I love moo shu. Since I was a kid, it’s always been one of my favorite Chinese take-out dishes – it’s light and tasty, but more importantly, you get to roll things up in pancakes, which, when you’re a kid, is just so much better than chopsticks. And sure, the pancakes never stay together and the whole thing usually ends up falling apart, but that’s also part of what makes it great. Because while Chinese food in general is more fun than most other foods – think dim sum and its rolling, steaming carts of mystery; sharing all sorts of dishes with everyone at the table sometimes on a lazy susan; and, yes, fortune cookies, which aren’t even a little authentic, but who cares, and really, come on, you’re gonna hate on fortune cookies? – moo shu might just be the most fun of all. (And if you want to get all trendy, you could look at it as a kind of Chinese burrito or taco, which means it predates Kogi in Asian/Mexican fusion by probably a couple hundred years.)
It also turns out that moo shu is pretty simple and fun to make at home, and it’s a great way to clean out whatever vegetables you’ve got hanging around your fridge. The only things you necessarily need are cabbage and mushrooms (as well as ginger, garlic, soy, scallions, and hoisin, but those are more in the pantry staple kind of area), and from there, you can add whatever you want. Tofu’s an obvious add-in, and I used carrots here, but zucchini would work, as would bean sprouts, bell peppers, celery, cucumber, or whatever you have that you’re looking to get rid of. As this is kind of a classic stir-fry, you absolutely have to have everything ready to go before you start cooking. It can seem like a lot of prep – all that chopping, measuring, and portioning into little bowls – but everything cooks in around 5 minutes over high heat, so there’s just no time to do any cutting or measuring while everything is cooking. So make sure you have everything ready before you turn on the stove.
As for the pancakes, you can sub in tortillas if you want (or even serve the moo shu over rice), but the traditional mandarin pancakes are easy to make and worth trying. So I say go for it, but don’t worry if you don’t feel like it. Everything about moo shu should be simple, relaxing, and, yes, fun.
hoisin sauce (and sriracha, if you're so inclined), for serving
Make sure you have everything ready to go - prepped, measured, chopped, and in small bowls by the stove - before you do anything. I can't stress this enough. Once you start cooking, everything happens really quickly, so there's no time to chop something else while things are on the stove. Just saying. Put your ginger, garlic, and minced scallion in one small bowl, onion in another, carrots in yet another, and cabbage and mushrooms in a slightly larger bowl. Whisk together the soy sauce, sake, hoisin, and salt. Stir the cornstarch and water together. Get it all in an accessible place by the stove. Okay. Here we go.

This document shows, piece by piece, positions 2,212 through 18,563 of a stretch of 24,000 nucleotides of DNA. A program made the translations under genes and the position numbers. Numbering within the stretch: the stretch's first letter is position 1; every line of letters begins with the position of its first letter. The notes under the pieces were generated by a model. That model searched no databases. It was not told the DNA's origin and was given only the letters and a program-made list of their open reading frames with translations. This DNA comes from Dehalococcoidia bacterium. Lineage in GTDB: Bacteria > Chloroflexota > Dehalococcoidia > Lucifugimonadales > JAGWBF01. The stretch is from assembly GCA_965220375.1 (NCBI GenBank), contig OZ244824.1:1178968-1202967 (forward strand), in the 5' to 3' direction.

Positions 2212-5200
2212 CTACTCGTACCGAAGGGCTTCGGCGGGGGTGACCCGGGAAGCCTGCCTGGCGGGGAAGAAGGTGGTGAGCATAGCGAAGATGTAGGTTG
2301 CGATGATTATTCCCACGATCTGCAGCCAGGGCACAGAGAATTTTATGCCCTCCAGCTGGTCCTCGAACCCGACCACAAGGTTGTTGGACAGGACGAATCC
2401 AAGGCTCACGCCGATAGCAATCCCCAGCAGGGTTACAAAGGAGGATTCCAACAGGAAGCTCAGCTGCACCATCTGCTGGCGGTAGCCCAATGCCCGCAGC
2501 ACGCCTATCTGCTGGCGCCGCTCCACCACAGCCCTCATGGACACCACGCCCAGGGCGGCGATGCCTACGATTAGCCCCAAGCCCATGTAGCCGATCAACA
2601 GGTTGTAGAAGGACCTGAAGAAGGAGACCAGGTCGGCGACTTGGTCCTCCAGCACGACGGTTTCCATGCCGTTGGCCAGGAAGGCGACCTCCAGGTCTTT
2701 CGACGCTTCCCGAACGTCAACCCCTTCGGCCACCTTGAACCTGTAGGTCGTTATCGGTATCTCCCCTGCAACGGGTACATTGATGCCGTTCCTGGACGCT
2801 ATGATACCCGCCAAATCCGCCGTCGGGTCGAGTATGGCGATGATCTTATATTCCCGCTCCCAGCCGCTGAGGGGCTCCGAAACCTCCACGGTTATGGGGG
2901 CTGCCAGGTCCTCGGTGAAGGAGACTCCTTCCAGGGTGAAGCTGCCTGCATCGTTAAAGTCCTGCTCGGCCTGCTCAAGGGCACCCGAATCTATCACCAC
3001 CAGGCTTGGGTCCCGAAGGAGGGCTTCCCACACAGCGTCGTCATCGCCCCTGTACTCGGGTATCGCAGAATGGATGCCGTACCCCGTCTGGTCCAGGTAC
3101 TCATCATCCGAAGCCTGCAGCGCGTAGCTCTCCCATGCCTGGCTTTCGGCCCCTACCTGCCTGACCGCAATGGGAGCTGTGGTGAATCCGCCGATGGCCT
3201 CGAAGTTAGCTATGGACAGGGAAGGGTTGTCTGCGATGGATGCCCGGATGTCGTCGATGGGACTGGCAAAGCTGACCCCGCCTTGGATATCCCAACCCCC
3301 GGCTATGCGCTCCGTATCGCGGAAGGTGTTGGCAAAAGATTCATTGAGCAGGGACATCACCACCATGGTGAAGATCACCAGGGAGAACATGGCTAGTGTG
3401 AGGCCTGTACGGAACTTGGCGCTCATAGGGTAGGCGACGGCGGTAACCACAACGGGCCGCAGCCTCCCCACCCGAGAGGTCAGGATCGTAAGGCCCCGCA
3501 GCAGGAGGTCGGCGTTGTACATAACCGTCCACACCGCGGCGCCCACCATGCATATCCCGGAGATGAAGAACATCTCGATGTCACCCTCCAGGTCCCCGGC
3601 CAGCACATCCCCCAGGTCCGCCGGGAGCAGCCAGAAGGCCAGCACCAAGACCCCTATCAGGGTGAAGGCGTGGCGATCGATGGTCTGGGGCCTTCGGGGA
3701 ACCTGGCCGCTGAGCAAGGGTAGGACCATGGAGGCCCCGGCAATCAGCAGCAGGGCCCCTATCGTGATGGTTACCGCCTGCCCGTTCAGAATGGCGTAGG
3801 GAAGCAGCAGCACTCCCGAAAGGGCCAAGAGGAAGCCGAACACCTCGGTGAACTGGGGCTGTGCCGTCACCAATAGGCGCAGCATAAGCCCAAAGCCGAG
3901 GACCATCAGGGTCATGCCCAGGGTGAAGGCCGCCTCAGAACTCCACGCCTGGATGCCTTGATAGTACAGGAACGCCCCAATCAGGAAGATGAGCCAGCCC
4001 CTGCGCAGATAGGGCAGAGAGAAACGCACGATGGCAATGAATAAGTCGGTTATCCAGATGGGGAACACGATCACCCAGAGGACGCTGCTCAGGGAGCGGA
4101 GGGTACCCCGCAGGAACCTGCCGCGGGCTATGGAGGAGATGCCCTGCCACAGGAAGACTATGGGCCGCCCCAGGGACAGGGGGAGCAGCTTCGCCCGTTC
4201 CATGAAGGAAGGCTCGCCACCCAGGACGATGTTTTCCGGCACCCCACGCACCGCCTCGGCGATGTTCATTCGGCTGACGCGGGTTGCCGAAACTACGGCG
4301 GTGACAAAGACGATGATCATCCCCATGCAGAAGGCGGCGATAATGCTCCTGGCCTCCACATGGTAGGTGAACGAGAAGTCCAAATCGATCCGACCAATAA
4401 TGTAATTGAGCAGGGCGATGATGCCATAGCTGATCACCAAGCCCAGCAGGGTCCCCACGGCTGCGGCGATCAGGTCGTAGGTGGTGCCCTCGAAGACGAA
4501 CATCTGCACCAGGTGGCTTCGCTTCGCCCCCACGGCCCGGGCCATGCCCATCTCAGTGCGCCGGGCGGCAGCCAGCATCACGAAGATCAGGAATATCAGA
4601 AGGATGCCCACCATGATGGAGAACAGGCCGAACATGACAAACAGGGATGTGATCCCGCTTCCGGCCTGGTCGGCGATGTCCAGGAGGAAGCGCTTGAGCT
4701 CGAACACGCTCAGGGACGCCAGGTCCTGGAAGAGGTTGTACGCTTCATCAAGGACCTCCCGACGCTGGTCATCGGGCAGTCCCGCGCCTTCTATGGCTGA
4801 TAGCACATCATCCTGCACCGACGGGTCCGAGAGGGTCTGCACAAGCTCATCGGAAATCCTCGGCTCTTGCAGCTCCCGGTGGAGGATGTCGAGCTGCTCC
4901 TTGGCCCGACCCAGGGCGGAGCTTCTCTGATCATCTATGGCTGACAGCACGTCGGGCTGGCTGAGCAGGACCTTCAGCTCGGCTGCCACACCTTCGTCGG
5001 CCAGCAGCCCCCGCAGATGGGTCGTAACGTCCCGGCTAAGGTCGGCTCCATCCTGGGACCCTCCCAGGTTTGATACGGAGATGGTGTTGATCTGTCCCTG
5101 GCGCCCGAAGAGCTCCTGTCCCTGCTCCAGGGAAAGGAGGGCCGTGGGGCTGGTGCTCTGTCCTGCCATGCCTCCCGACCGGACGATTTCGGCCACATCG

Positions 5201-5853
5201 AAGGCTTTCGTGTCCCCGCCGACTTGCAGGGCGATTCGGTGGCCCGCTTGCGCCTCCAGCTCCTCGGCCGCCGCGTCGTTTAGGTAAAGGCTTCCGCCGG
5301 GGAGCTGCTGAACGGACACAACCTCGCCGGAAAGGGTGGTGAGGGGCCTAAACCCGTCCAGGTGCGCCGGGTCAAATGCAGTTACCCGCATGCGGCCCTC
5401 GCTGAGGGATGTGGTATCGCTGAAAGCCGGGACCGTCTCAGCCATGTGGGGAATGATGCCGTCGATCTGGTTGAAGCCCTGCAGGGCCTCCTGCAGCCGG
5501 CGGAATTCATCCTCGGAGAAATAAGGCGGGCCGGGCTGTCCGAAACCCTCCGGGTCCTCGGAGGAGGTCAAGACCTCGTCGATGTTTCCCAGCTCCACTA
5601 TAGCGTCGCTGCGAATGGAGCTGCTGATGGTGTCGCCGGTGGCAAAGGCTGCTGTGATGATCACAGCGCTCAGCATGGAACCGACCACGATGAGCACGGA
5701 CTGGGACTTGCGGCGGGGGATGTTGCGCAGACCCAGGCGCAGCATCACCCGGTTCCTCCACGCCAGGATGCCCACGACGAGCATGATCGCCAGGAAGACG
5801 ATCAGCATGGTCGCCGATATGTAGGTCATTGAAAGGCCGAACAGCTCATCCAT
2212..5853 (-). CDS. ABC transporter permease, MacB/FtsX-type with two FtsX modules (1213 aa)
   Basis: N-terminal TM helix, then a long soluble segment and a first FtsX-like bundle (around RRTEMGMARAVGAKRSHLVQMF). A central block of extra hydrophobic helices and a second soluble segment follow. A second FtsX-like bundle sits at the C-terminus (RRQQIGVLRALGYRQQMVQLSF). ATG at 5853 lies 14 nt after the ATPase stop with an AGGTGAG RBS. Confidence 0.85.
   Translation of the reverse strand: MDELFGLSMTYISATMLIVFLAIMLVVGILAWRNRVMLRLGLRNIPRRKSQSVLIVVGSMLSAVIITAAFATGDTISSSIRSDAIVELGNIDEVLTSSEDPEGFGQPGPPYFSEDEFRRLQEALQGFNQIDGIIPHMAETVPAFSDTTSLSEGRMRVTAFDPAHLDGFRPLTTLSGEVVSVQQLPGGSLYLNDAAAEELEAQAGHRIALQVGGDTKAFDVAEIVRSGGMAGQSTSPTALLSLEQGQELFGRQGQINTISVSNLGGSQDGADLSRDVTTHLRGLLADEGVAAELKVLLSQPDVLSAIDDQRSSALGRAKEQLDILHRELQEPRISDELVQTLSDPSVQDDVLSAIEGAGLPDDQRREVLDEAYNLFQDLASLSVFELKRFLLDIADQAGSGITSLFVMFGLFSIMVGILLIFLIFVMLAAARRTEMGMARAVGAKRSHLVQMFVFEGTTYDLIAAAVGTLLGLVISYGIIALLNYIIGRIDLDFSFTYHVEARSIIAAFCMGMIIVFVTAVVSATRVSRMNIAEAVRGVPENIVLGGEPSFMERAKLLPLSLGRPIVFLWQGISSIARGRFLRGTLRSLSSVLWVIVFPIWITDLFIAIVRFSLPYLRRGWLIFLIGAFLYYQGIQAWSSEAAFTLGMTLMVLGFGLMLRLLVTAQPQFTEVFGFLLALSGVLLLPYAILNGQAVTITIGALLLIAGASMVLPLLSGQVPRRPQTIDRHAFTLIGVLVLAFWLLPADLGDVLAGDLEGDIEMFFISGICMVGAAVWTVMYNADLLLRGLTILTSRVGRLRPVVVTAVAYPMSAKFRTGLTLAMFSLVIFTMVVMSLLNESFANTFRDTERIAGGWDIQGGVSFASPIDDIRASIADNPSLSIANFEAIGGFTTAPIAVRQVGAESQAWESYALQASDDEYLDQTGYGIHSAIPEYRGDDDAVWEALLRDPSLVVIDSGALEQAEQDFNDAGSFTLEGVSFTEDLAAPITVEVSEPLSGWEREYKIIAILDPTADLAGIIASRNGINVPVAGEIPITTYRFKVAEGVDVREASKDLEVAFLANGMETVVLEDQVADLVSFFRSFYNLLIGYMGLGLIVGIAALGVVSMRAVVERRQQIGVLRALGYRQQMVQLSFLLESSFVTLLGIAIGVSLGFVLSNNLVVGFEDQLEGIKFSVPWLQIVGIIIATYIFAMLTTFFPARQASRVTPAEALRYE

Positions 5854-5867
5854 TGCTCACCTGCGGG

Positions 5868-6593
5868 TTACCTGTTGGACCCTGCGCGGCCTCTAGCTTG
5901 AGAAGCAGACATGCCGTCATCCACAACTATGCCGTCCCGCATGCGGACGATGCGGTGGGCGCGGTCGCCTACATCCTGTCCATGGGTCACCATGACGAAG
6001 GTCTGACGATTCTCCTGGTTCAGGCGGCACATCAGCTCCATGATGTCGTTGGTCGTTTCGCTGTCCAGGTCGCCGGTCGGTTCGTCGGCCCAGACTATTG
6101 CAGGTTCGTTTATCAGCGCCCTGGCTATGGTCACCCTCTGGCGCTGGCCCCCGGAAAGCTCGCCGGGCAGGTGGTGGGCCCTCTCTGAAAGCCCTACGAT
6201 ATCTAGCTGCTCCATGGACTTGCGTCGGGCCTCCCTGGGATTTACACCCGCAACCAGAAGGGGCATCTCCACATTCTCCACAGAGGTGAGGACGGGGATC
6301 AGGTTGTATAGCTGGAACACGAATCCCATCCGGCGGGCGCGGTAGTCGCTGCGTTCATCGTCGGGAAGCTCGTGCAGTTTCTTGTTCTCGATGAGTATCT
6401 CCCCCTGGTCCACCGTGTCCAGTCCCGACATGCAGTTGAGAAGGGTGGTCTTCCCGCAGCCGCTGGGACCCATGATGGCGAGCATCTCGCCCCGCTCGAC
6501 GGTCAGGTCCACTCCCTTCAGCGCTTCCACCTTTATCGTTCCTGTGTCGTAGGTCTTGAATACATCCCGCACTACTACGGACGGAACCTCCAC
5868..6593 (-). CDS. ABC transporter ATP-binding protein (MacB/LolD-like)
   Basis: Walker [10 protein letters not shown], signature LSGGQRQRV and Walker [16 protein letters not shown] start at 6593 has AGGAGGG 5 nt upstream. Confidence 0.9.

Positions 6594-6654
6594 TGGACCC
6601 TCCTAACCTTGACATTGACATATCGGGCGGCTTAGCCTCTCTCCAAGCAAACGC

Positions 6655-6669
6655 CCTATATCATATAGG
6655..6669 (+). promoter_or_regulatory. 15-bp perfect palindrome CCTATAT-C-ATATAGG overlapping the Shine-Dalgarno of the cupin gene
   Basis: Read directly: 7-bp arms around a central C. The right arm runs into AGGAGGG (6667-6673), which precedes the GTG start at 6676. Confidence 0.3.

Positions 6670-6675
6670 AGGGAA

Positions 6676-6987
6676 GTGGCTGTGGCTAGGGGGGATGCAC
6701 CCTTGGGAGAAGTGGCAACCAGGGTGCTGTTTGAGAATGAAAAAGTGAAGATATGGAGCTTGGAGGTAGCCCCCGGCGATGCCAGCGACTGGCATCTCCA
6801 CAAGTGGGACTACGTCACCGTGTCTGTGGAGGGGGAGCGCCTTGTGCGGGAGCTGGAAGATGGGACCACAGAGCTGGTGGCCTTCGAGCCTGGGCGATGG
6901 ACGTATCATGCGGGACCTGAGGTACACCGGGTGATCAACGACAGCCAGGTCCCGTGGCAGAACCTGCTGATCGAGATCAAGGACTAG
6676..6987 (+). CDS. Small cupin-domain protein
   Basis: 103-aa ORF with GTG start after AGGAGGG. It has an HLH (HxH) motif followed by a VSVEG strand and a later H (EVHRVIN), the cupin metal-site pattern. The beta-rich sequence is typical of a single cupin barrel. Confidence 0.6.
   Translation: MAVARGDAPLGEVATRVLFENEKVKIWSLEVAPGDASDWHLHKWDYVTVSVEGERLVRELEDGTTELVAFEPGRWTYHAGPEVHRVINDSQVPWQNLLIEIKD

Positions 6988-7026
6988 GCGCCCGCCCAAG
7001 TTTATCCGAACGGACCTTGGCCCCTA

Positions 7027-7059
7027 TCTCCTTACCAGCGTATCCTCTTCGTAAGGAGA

Put a nonstick skillet (or wok) on the stove, turn the heat up to high, and add the oil to the pan. When the oil's hot, add the ginger, minced scallion, and garlic to the pan, and stir-fry until fragrant, around 15 seconds. Add the onion, stir-fry for 30 seconds or so, then add the carrots, and cook, tossing and stirring, for another 30 seconds. Add the cabbage and mushrooms, then dump the soy sauce mixture over everything, and stir-fry until the cabbage begins to wilt and the mushrooms start to brown, around 1 minute. Give the corn starch and water a quick stir to reincorporate, then add that to the pan, and quickly stir it in. Cook for another 30 seconds to a minute, still stirring, until the cabbage and mushrooms and both cooked through and greatly reduced in bulk. Remove from the heat, and stir in the cut scallion.
To serve, take a mandarin pancake (or tortilla), and smear a line of hoisin (and sriracha, if you want some heat) across the bottom. Spoon in some moo shu, and roll the thing up like a tiny burrito - fold the sides in over the filling, then roll it all up from the bottom. Or you can eat it like a taco (which is what I usually end up doing after my rolls fall apart). Or you can serve it over rice, but that kind of defeats the whole purpose of the moo shu experience.